The problem with trying to sort out best jobs and worst jobs goes all the way back to the Declaration of Independence. Yes, those guys with the wooden teeth, aka. the Founding Fathers, are at the root of all that is bad, and good, about work today.
Don't believe me? Then please repeat after me a few of the words of that famous Declaration from July 4, 1776: "We hold these truths to be self-evident: that all men are created equal; that they are endowed by their Creator with certain unalienable rights; that among these are life, liberty, and the pursuit of happiness. …"
Life? That works for me. Ditto for liberty. But the whole pursuit of happiness thing is a bit troubling when it comes to our livelihoods.
I'm not adopting a position of anti-happiness. I'm not nearly that much of a Scrooge. But I do think it's a really tough standard to achieve in today's challenging workplace.
So we shouldn't be happy? Or we shouldn't expect to be happy? How can I say this? It's simple. Think about anything that you like to do. Fly fishing, sex, working in your yard, photography, cooking … [fill in the blank with one of your favorite ways to pass the time].
Now I'd like you to take that favorite activity and do it for eight hours starting on Monday. Then do it for another eight hours on Tuesday. And for good measure, do it 40 hours a week, 50 or so weeks a year. And do it from now until you're somewhere in your 60s.
Talk about draining the happiness right out of you. … And these, of course, are things that you enjoy doing. Now, imagine that you've got to pass all this time with things that aren't exactly lovable -- things like meetings, jousting with co-workers and writing memos and reports that no one will ever read. Is it any wonder that they call it a job?
That's why I point my fingers at the founding fathers. They might have set our expectations a bit too high. Happiness is great. I'm just not sure that it's an unalienable right. I like to think of it as more of a perk.
To me, a much better way to approach your job is to think of it as a search for meaning -- a chance to connect the dots, make a contribution or to gain some new insight.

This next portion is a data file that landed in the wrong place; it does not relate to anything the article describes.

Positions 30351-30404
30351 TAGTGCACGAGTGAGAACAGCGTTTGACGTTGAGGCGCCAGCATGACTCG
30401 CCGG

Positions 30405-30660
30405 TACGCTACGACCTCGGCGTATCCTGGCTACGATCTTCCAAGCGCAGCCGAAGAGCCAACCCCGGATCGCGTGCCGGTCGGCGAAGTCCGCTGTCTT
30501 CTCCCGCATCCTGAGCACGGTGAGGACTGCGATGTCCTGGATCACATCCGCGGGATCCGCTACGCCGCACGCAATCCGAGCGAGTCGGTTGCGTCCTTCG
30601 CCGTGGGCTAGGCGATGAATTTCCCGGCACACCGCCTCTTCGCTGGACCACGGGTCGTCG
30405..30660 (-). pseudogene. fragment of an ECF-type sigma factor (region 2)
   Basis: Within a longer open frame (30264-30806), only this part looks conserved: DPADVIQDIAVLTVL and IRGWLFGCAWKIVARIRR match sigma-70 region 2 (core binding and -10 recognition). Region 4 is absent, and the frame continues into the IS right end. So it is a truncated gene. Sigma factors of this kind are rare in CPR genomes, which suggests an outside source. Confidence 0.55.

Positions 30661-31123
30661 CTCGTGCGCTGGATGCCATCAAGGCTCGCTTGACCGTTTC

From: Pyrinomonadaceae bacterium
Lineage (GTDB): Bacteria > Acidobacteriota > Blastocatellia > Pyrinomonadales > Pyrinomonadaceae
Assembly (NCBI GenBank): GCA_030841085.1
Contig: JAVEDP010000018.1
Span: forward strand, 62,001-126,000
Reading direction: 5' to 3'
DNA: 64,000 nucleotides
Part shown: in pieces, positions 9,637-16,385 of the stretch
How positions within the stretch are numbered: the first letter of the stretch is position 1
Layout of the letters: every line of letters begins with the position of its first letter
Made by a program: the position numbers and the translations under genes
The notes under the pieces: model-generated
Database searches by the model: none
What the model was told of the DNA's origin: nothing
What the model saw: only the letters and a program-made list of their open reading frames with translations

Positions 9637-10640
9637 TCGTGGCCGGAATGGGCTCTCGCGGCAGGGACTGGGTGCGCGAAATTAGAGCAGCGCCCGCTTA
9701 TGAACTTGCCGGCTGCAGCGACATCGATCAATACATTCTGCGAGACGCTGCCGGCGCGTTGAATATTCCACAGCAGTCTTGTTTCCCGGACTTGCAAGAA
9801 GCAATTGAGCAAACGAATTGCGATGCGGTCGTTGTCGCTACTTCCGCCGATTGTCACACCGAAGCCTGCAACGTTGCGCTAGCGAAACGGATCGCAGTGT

Take, for example, a Bay Area supermarket cashier who was written up in the newspaper because of the way she engages each person who comes through her aisle. She has treats for dogs and kids (although, I hope, not the same ones). She offers recipes to people for the things they've just purchased. She's also full of kind words for everyone she meets.
A friend of mine who lives in the neighborhood tells me it's common for there to be two or three checkers with absolutely no one in line, while a long line of people wait in this checker's line.
I'm not trying to justify psychotic co-workers, crummy working conditions or creepy bosses. But I do believe that the goal of finding meaning in what we do each day can go a long way to making our job seem less like a root canal and more like a fulfilling experience.
The big ah-ha here is that having a best job is probably within the reach of most of us. It just may be that finding out what makes it the best is up to you, the worker, rather than expecting some absolute right to happiness.
But don't even get me started on the idea of forming a more perfect union. More perfect?
"Never tell people how to do things. Tell them what to do, and they will surprise you with their ingenuity." -- Gen. George S. Patton
From "What Should I Do With My Life" by Po Bronson (Random House, 2002):
"I used to think certain jobs were 'cool,' and more likely to inspire passion. Now I know passion is rooted in deeply felt experiences, which can happen anywhere. I used to think life presented a five-page menu of choices. Now I think the choice is in whether to be honest, to ourselves and others, and the rest is more of an uncovering, a peeling away of layers, discovering talents we assumed we didn't have. I used to treasure the innocence of first love. Now I treasure the hard fought. I used to want to change the world. Now I'm open to letting it change me."
Here are the results from a recent Working Wounded Blog/ABCNews.com online ballot:
I think personality tests like Meyers Briggs are …
A great insight on who you are, 13.8 percent
An interesting source of information, 65.5 percent
A total waste of time, 20.7 percent
Bob Rosner is a best-selling author, an internationally syndicated columnist, popular speaker, and a recent addition to the community of bloggers. He welcomes your comments at email@example.com.
This work is the opinion of the columnist and in no way reflects the opinion of ABC News.